From the Arctic To The Moon

He is so long-lived that he has surpassed all expectations, touching hearts throughout the American continent, bringing together scientists and schools, inspiring a play and now even his own biography.

B95 is the name of a rufus red knot (Calidris canutus rufus), a migratory bird that in his annual journeys of 16,000 kilometers (9,940 miles) each way from the Canadian Arctic to Tierra del Fuego, in Argentina, has flown a distance bigger than the one between the Earth and Moon.

The story of B95 has inspired a book by American writer Phillip Hoose, which will be published next month. The bird has become a symbol of survival against all odds and of the plight of rufus red knots, whose populations have declined dramatically in recent years mainly due to overfishing in Delaware Bay, in the U.S., where the birds stop to refuel on their way back to the Arctic.

Read more



This entry was posted in Bird Behaviour, Conservation, Shorebirds and tagged , . Bookmark the permalink.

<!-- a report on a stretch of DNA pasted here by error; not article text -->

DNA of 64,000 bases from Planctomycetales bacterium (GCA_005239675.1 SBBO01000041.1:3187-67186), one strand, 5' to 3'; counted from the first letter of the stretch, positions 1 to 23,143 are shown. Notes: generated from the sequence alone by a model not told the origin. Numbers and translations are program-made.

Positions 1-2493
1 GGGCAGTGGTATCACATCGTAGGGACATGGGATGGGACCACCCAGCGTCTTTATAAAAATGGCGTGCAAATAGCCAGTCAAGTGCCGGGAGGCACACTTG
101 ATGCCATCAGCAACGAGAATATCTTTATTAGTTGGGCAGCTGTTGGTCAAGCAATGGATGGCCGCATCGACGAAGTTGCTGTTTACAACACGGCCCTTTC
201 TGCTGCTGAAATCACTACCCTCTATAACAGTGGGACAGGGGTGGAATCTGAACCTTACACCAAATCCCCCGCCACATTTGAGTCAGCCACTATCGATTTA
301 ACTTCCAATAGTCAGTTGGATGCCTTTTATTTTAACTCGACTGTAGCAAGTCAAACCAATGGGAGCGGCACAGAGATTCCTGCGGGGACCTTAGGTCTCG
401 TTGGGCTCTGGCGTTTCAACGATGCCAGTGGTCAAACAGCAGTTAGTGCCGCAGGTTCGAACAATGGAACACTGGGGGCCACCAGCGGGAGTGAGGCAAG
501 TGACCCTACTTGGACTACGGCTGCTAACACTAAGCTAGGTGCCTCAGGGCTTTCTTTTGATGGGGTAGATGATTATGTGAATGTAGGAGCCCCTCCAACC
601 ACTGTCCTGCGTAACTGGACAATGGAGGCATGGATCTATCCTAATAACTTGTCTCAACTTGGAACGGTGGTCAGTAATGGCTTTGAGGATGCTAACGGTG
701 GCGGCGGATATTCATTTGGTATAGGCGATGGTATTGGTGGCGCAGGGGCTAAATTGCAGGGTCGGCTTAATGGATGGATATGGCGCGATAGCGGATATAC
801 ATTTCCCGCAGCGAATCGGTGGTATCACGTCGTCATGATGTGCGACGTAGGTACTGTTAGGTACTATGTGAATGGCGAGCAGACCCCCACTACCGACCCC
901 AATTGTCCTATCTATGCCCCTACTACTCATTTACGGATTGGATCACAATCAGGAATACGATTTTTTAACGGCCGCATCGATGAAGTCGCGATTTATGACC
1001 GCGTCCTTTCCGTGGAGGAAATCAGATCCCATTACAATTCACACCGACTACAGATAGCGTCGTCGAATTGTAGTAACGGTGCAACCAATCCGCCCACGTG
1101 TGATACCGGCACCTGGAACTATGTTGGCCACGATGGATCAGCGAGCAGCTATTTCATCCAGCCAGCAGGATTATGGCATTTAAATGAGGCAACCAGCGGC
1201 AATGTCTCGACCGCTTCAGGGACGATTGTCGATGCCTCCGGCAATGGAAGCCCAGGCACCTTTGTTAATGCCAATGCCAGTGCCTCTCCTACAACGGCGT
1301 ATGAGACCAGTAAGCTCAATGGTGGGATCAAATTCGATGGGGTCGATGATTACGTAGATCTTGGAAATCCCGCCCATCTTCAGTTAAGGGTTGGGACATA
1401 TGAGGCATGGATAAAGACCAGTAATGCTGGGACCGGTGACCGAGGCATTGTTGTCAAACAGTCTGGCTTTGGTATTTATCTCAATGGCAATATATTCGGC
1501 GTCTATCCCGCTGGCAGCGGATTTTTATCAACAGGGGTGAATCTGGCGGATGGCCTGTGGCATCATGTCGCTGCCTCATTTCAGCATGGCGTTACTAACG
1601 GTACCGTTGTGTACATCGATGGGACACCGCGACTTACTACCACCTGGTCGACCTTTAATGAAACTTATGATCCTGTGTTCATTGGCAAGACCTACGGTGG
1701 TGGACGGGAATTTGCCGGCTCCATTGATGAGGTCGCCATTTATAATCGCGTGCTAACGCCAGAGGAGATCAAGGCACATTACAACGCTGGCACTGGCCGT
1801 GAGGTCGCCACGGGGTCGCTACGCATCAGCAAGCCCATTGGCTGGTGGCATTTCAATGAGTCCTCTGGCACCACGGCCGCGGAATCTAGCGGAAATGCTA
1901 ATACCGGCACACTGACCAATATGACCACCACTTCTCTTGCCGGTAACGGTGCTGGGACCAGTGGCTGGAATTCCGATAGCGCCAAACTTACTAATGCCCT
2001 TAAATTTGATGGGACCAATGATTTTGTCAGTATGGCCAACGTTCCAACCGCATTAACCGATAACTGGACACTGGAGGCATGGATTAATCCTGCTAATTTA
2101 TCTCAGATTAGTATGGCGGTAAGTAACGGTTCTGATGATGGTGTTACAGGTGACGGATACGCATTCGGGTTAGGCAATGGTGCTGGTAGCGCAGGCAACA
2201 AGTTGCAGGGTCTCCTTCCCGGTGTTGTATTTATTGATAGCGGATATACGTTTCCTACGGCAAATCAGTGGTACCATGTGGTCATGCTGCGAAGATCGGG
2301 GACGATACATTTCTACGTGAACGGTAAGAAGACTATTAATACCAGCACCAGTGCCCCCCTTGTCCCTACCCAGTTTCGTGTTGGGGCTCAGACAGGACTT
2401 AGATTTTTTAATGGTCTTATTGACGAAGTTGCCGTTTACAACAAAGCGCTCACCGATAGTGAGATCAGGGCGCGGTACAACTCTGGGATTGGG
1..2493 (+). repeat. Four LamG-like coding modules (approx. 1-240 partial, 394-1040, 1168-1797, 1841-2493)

One Response to From the Arctic To The Moon

  1. Catherinemh says:

    I have been interested in learning more about the Red Knot since viewing an episode of PBS Nature titled “Crash: A Tale of Two Species”. I MUST get a copy of what is no doubt a fantastic read! On the Nature Conservancy site, I saw the migration route of B95. AMAZING-completely changed my perspective on the Red Knot-and all birds, really A new found respect and curiosity. I do hope the book is or will be soon available in the U.S.